In addition, as sensitive information continues to increase in volume, so do potential threats. Government organizations must be on guard for data breaches and leaks by taking measures to protect valuable data before an incident, malicious or accidental, occurs.  This year, the President implemented a Cybersecurity National Action Plan (CNAP) calling for agencies to take a multi-layered data protection approach. While protection at the network level remains essential, adding protection at the data and document level is critical to achieving in depth defense.

During this presentation overview, Adobe will discuss how government agencies today are taking advantage of digital and electronic signatures to streamline business processes, legally send, sign, collaborate and manage documents electronically, which meet rigorous security standards, including SOC2 Type 1 and Type 2, ISO 27001, HIPAA and PCI DSS v3.0.  In addition, you will hear how Federal and State & Local are leveraging Adobe’s Document Rights Management solution to protect and audit agency documents inside or outside the firewall, across devices, anywhere in the world with powerful, device and network independent content protection.

Derek Neal, Manager, Adobe National Government Solutions

Michael Glanton, Solutions Consultant, Adobe Public Sector

4:00 p.m. - 5:00 p.m.

The Progress of Information Technologies at State Commissions 

( Continued)

Staff Subcommittee on Pipeline Safety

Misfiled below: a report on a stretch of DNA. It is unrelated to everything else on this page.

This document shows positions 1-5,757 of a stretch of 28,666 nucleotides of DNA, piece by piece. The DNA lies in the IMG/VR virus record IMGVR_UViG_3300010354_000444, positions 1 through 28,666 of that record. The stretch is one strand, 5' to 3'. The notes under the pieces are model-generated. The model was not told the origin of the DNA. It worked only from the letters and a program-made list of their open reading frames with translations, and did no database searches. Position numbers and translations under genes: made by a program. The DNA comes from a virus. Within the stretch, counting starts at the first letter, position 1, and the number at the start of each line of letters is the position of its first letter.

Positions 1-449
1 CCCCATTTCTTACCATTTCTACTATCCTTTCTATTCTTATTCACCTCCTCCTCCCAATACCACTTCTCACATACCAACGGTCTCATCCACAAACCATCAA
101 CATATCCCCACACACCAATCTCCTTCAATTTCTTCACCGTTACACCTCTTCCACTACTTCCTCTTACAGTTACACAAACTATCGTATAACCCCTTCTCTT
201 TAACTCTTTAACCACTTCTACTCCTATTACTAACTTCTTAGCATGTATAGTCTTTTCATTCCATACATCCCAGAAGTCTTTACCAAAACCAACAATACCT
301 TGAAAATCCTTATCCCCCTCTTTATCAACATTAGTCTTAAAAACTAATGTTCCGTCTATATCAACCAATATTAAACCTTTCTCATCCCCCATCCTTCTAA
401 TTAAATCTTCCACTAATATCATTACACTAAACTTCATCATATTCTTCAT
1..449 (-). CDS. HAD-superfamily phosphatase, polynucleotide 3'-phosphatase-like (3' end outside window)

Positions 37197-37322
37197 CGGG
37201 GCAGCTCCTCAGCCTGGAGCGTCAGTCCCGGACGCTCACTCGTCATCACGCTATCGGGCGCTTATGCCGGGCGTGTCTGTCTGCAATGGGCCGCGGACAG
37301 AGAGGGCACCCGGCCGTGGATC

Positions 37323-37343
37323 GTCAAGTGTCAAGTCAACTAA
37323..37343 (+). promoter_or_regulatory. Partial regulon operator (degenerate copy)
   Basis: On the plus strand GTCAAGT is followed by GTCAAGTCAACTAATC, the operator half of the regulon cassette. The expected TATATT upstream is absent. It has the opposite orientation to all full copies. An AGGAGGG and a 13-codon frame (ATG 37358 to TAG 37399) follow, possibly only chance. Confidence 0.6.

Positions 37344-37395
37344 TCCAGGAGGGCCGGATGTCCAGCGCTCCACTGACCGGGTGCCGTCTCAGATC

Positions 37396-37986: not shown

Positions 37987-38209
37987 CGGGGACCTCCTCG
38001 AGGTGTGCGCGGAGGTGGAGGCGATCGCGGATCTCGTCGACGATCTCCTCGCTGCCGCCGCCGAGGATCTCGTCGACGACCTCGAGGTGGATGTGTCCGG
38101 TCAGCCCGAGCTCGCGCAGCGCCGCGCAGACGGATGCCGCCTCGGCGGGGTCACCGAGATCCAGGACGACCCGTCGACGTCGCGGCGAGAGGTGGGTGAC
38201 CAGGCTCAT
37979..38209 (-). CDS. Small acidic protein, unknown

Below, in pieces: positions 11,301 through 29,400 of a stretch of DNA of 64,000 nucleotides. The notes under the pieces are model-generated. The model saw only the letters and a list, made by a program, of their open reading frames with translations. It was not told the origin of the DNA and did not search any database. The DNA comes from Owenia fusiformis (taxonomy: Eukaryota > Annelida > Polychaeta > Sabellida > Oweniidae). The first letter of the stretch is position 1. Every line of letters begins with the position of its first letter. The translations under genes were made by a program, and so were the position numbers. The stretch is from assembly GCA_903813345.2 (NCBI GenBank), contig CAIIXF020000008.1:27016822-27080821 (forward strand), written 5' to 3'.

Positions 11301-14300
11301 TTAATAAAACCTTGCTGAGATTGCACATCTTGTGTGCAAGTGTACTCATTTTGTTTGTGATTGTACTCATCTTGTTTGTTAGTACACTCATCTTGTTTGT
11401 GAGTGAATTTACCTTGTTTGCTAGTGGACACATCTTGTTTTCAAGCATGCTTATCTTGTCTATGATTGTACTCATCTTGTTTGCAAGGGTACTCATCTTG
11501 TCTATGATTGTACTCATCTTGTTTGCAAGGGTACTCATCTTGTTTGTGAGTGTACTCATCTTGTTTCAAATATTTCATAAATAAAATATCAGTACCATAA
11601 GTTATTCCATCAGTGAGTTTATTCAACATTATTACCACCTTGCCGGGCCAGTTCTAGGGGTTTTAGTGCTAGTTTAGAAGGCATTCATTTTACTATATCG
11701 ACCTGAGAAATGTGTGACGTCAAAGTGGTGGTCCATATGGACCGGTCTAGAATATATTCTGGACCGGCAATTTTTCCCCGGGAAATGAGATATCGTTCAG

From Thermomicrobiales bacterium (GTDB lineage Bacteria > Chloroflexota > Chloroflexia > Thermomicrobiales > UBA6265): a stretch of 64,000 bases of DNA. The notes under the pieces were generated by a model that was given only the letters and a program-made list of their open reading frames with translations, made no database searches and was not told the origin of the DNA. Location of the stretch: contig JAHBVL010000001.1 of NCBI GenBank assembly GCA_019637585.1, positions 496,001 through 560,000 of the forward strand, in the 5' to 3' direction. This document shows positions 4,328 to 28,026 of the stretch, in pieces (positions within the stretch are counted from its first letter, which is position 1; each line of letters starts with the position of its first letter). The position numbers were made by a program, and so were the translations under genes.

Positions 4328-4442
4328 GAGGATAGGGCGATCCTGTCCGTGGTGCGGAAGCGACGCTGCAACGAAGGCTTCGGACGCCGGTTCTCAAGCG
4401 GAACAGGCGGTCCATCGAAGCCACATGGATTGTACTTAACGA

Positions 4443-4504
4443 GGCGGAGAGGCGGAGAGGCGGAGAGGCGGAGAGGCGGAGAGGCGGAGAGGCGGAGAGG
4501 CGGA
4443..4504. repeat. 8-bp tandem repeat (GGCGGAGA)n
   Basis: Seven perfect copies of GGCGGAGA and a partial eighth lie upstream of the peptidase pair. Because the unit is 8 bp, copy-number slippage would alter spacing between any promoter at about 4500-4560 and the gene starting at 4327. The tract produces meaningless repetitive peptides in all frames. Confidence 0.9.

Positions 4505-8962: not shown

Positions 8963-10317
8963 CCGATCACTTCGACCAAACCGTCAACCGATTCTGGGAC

Location: Music Row 6                               
10:45 a.m. - 4:00 p.m.

Staff Subcommittee on Pipeline Safety (Closed Meeting)

Staff Subcommittee on Pipeline Safety (closed)

Location: Music Row 6                               
10:45 a.m. - 4:00 p.m.

Staff Subcommittee on Pipeline Safety (Closed Meeting)


Lunch Break - On Own (11:45 a.m. - 1:00 p.m.)


Networking Break (2:30 p.m. - 3:45 p.m.)


Networking Break (3:45 p.m. - 4:00 p.m.)


MACRUC - Invitees Only

Location: Electric                               
5:00 p.m. - 6:00 p.m.

MACRUC Meeting (Invitees Only)

MARC - Invitees Only

Location: Mockingbird 2                            
5:00 p.m. - 6:00 p.m.

MARC Meeting (Invitees Only)

Western - Invitees Only

Location: Bass
5:00 p.m. - 6:00 p.m.

Western Meeting (Invitees Only)

SEARUC - Invitees Only

Location: Acoustic                                 
5:00 p.m. - 6:00 p.m.

SEARUC (Invitees Only)

NECPUC - Invitees Only

Location: Music Row 6                                
5:00 p.m. - 6:00 p.m.

NECPUC Meeting (Invitees Only)